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      Caspase-9 Takes Part in Programmed Cell Death in Developing Mouse Kidney

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          Programmed cell death is a mechanism by which organisms dispose of unwanted cells, and it is thought to be an important process in organogenesis. We have already reported the role of caspase-3 in the developing metanephros. While caspase-3 is thought to be positioned downstream of the caspase-activating cascade, the upstream caspase for programmed cell death in the developing kidney is still unknown. In an attempt to identify it, we blocked caspase activity in metanephric explants with caspase inhibitors. Administration of a caspase-9 inhibitor (Ac-IETD-CHO) effectively prevented both ureteric bud branching and nephrogenesis, the same as a caspase-3 inhibitor (Ac-DEVD-CHO). On the other hand, administration of a caspase-8 inhibitor (Ac-LETD-CHO) did not inhibit ureteric bud branching or nephrogenesis. Apaf-1, which executes programmed cell death in the caspase-9-related pathway, was detected in the cells exhibiting caspase-9 activity, and our results suggest that Apaaf-1/caspase-9 activates caspase-3 in kidney organogenesis.

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          Most cited references 15

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          Programmed cell death in animal development.

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            Apoptosis in development.

            Essential to the construction, maintenance and repair of tissues is the ability to induce suicide of supernumerary, misplaced or damaged cells with high specificity and efficiency. Study of three principal organisms--the nematode, fruitfly and mouse--indicate that cell suicide is implemented through the activation of an evolutionarily conserved molecular programme intrinsic to all metazoan cells. Dysfunctions in the regulation or execution of cell suicide are implicated in a wide range of developmental abnormalities and diseases.
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              Longevity in Caenorhabditis elegans reduced by mating but not gamete production.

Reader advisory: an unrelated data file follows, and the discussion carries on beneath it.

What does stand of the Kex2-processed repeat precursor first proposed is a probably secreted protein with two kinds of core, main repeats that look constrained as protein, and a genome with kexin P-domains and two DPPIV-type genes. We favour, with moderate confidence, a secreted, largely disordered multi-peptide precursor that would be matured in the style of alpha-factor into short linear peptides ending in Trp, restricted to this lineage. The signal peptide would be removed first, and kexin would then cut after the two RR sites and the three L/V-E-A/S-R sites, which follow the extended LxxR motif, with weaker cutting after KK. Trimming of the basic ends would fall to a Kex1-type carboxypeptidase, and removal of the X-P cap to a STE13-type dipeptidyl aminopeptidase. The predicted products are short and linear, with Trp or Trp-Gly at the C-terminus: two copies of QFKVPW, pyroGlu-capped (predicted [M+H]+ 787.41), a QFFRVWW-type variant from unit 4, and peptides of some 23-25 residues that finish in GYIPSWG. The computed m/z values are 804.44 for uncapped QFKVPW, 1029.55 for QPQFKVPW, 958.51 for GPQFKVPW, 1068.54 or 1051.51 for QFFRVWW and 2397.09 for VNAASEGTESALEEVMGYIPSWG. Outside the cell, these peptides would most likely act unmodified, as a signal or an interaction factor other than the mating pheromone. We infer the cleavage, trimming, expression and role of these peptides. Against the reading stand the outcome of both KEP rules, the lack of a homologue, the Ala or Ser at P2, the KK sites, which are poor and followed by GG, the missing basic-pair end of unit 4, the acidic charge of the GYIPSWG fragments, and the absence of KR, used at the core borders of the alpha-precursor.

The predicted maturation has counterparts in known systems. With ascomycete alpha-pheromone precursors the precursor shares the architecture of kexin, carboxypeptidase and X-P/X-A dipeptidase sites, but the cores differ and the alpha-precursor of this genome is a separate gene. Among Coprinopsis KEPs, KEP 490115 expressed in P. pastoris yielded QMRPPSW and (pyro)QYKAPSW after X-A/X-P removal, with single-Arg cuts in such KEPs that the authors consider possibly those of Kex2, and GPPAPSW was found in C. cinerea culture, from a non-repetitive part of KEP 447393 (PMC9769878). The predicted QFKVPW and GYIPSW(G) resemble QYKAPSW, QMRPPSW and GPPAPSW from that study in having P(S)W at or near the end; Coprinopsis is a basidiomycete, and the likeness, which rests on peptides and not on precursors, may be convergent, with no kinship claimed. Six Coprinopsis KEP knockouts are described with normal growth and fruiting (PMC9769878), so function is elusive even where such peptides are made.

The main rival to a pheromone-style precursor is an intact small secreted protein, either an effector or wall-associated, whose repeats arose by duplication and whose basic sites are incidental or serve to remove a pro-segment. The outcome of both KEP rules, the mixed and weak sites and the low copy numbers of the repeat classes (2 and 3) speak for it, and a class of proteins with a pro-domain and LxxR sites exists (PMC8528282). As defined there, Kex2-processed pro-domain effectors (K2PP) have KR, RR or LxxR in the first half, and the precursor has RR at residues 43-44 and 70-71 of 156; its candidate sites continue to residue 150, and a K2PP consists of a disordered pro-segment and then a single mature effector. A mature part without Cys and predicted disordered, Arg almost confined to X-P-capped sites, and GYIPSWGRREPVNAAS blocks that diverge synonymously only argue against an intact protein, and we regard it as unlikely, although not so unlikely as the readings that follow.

Theories of life-history evolution propose that trade-offs occur between fitness components, including longevity and maximal reproduction. In Drosophila, female lifespan is shortened by increased egg production, receipt of male accessory fluid and courting. Male lifespan is also reduced by courting and/or mating. Here we show that in the nematode Caenorhabditis elegans, mating with males reduces the lifespan of hermaphrodites by a mechanism independent of egg production or receipt of sperm. Conversely, males appear unaffected by mating. Thus, in C. elegans there is no apparent trade-off between longevity and increased egg or sperm production, but there is a substantial cost to hermaphrodites associated with copulation.

                Author and article information

                Nephron Exp Nephrol
                Cardiorenal Medicine
                S. Karger AG
                March 2003
                17 November 2004
                : 93
                : 3
                : e117-e124
                aDepartment of Internal Medicine, Keio University School of Medicine, Tokyo; bBioarchitect Research Group, Cellular and Molecular Biology Laboratory, RIKEN (Institute of Physical and Chemical Research), Saitama, Japan
                69552 Nephron Exp Nephrol 2003;93:e117–e124
                © 2003 S. Karger AG, Basel

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                Page count
                Figures: 7, References: 40, Pages: 1
                Self URI (application/pdf): https://www.karger.com/Article/Pdf/69552
                Original Paper

                Cardiovascular Medicine, Nephrology

                Nephrogenesis, Apoptosis, Metanephros, Caspase


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